Charity begins at home #savesyriaschildren

Like many others around the world, my heart has ached for the father of the two young brothers who perished at sea, along with their mother, trying to escape from their home to safety in Greece. The photo is a haunting image and one which you will never be able to unsee. 

As a parent myself I felt this overwhelming sense of responsibility. That phrase charity begins at home is banded around in jest but it actually has never felt more true, but for the right reasons. Unless you are one of the world's billionaires there will always be someone better off and worse off than you and we should acknowledge that awareness begins at home. We have a moral duty to educate our children, no matter how young they are.

I look at Sammy and Ollie who at 6 and 4 have absolutely everything they could ever need. They have no real concept of money, or of time really. They live in the moment, as they should do, blissfully unaware of the dangers they might face in the big wide world. It's our job to protect them, to keep them in that bubble, to savour their innocence for as long as possible. We take them to parties and theme parks, we build sandcastles and indulge them with ice creams and cakes in coffee shops. We play doctors and they make believe being soldiers with plastic guns, innocent child's play with very different real life connotations.


I asked Sammy earlier to write the phrase that people are sharing all over the internet, it could have been me, and he in turn asked me why. I made the decision to tell him the truth.

That there are children who need his help. Children who are scared, who don't have a choice. They don't get to go to school, they can't play with their friends. They are trying to escape from their houses, climb onto boats and sometimes there are too many people on the boat. He knew the next bit, I didn't need to tell him. He doesn't need to see the photograph. But he does need to know there are children less fortunate than him, when he's crying crocodile tears that we won't buy yet another game for the iPad. Because he is the next generation, where wars around the world might suddenly become more real than they have ever been for me.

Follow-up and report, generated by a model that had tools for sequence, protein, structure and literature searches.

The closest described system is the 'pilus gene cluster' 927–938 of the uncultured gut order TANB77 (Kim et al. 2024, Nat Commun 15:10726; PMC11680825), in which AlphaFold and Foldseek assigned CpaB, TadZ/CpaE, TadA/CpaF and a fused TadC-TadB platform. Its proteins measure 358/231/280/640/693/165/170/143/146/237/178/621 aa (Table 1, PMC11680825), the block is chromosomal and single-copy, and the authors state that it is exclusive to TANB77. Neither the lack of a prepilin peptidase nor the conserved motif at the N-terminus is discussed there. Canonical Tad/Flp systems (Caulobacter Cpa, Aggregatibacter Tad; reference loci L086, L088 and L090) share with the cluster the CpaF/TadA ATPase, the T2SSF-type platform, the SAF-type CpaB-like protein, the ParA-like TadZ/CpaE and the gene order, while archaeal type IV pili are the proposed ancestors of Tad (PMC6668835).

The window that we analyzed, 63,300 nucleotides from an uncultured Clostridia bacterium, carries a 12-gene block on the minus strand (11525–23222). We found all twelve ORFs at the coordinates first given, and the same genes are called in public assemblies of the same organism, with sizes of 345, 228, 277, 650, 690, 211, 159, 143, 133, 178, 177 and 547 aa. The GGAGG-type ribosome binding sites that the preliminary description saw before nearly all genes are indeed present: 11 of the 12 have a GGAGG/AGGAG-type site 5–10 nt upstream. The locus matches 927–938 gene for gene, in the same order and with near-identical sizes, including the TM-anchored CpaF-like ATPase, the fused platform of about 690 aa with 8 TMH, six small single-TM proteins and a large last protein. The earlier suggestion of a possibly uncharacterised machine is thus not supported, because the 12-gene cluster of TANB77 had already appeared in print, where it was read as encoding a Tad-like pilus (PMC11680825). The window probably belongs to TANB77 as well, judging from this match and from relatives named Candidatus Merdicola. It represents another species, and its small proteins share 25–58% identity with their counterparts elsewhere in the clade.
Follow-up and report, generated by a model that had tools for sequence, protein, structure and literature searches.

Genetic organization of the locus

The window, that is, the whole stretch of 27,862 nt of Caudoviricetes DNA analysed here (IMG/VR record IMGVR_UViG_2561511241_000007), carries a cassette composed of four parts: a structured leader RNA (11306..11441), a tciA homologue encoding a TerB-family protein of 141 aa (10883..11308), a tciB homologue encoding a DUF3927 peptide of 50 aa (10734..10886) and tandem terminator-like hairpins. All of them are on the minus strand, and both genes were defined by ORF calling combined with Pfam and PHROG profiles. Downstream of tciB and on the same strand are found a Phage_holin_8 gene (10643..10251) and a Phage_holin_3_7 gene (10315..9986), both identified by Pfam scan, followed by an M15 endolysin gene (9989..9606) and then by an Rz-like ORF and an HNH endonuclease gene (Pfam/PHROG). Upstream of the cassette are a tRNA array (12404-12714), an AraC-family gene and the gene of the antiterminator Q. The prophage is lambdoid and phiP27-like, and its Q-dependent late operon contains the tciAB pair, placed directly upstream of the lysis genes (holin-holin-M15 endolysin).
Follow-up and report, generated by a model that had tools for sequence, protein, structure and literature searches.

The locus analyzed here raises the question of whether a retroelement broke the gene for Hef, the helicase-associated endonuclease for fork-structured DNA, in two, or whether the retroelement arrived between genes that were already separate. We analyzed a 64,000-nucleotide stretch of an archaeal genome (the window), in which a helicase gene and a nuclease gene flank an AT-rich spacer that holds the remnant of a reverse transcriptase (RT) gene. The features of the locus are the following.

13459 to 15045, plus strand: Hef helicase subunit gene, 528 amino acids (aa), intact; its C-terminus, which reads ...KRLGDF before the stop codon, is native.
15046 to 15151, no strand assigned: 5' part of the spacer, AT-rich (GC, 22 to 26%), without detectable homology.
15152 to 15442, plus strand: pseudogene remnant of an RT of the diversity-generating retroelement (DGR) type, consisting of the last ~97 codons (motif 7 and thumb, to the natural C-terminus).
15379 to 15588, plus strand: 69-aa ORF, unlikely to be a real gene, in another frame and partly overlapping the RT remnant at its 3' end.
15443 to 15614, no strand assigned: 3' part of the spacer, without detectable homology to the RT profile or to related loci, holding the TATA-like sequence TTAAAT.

The house sometimes feels as though it is bursting with toys, their pyjama drawer barely closes under the strain of tops and bottoms printed with their favourite characters and the garden is littered with balls and nets. It feels vulgar all the excess we aspire to surround ourselves with when you are faced with a Facebook feed full of the same harrowing image. We have the luxury to go to work, to be able to provide for them, to host parties and birthday celebrations where they are showered with love attention and a mountain of presents from friends and family. We should be allowed to work hard to treat them, but with the conscience that compels us to help someone less fortunate.

We throw away money. On things that don't last but that give us an experience. £5 here, £10 there. A round of chocolate bars during a petrol station run, magazines that end up in the recyling bin or a takeaway because it's been a hard week. But today along with thousands of others I'd like you to think about the last £5 you spent and think about the hard day that father will face, every day for the rest of his life.

Then text SYRIA to 70008.

Donate £5 to Save the Children to play your part. 

Share your photo #savesyriaschildren and share the words below, because it could have been one of yours.

There's lots that you could do from the comfort of your own home.
Please don't turn a blind eye.
Do something to help.
Whatever you decide, don't choose apathy. 

Lucy Heath4 Comments